For now, we continued along, taking in the beautiful views to our right.  We passed a few wooden benches, perfect for sitting on a summer evening (yes, with a peanut butter chocolate popsicle!).  And before we knew it, we were nearing the end of the line at parking point B.

A Place to Start or Stop

The end (beginning?) of the trail is also a really nice place to stop for a few minutes.  There is some exercise equipment and a big wooden deck.  Along the deck are signs explaining the surrounding area.  My five-year old looked closely at one sign, identifying the katlav tree that was right beyond the fence.  The next sign showed a bird that’s native to the Jerusalem Mountains.  My son wondered where the bird was in real life.

Sorek Lookout Path
Workin’ it.

In the past, we’ve stopped and made a bonfire right at this spot.  But that day, we decided to turn back and head towards the trees.  There was a great fire pit up the steps that we had our eye on.

Best Part of the Day

Back down the trail and up the stairs we went, passing up the first fire pit and playground (it was too full of trash).  We wandered over a hill to the next one, cleaned up a bit, and settled around the stone circle.

Then, we gathered wood, sticks, and pinecones for our bonfire.  Some of the families on the nearby playground helped us with that part.  When we had accumulated a (little) pile, we got the fire started.  Hot dogs, marshmallows, and hot soup from a thermos completed our bonfire out in nature.

Sorek Lookout Path
Best part of the day.

When you have a bunch of little kids, it’s nice to have dinner outdoors sometimes.  The kids were free to run and play while they ate – no need for manners at this bonfire dinner.  We adults relaxed in the stone circle while the sun began to set.  The world around us quieted down as the playground emptied out.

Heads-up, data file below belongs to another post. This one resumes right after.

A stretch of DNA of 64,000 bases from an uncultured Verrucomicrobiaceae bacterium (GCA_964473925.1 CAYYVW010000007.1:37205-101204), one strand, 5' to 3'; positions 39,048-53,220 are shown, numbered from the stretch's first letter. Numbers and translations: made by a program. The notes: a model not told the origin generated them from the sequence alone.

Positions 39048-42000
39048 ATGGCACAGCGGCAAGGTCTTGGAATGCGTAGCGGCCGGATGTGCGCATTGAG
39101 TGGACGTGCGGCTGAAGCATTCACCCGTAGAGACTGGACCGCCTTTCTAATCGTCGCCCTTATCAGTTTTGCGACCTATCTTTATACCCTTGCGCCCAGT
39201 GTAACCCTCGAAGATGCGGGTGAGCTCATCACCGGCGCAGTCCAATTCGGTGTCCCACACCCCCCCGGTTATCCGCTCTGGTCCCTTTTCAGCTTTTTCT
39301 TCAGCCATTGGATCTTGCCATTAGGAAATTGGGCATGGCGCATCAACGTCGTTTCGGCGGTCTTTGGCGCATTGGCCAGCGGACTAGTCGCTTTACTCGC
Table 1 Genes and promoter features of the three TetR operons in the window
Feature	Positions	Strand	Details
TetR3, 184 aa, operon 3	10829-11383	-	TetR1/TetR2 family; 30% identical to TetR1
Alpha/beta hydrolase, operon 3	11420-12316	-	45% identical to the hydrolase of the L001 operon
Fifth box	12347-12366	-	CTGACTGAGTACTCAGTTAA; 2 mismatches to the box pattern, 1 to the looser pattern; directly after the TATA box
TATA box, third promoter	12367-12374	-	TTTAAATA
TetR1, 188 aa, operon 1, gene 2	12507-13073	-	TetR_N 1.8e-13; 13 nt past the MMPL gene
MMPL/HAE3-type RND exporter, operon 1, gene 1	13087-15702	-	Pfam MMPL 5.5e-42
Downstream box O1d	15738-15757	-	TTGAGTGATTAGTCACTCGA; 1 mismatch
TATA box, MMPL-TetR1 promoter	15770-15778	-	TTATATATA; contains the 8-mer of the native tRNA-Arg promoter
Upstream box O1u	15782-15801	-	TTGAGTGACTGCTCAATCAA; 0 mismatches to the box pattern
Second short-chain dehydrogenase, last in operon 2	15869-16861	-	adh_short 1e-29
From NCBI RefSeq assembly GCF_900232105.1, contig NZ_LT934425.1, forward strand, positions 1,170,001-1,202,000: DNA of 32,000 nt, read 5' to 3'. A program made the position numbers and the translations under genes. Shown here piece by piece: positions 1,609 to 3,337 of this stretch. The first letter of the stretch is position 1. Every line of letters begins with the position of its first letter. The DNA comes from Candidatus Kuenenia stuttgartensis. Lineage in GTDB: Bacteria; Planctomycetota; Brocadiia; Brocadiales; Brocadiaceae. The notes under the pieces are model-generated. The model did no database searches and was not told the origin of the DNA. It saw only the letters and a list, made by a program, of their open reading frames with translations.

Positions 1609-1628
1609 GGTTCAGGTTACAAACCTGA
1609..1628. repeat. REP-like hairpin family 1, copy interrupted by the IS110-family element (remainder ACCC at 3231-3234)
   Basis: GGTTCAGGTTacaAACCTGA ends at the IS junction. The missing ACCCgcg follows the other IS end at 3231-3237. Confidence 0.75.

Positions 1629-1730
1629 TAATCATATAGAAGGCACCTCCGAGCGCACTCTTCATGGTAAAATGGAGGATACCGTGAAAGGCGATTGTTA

One Last Stop

When it was almost dark, we put out the fire and got back on the trail.  A short walk later and we reached Cafe Bar Bahar again.

Then, we made a quick stop for desert (I just can’t leave this place without eating a popsicle), and our nature walk was done. The Sorek Lookout Path was a great outing as always.  The kids climbed back into the car satisfied, happy, and ready for a good night’s sleep.

Sorek Lookout Path
Fun on the trail.

Hikers’ Notes:

Here’s what you need to know to hike the Sorek Lookout Path:

  • This trail is great for all seasons.
  • Good for families. This trail is stroller friendly and handicapped accessible (except the part up the steps, which you can skip).
  • Suitable for dogs.
  • There are facilities at the trailhead.
  • You can Park either at Bar Bahar or Point B. Then follow the paved path to one end and turn around.
  • Check out other hikes that leave from this trailhead: Katlav Scenic Trail, True Nahal Katlav, Nahal Sorek and Beyond.

Don’t forget to read my guide to the navigational features in this post before you hit the trail!

Trail map from Amud Anan.

Questions? Have you hiked the Sorek Lookout Path? Let’s hear about it in the comments!

Sorek Lookout Path
Tree hugger.

Hiking can be dangerous and is done entirely at your own risk. Information is provided free of charge; it is each hiker’s responsibility to check it and navigate using a map and compass.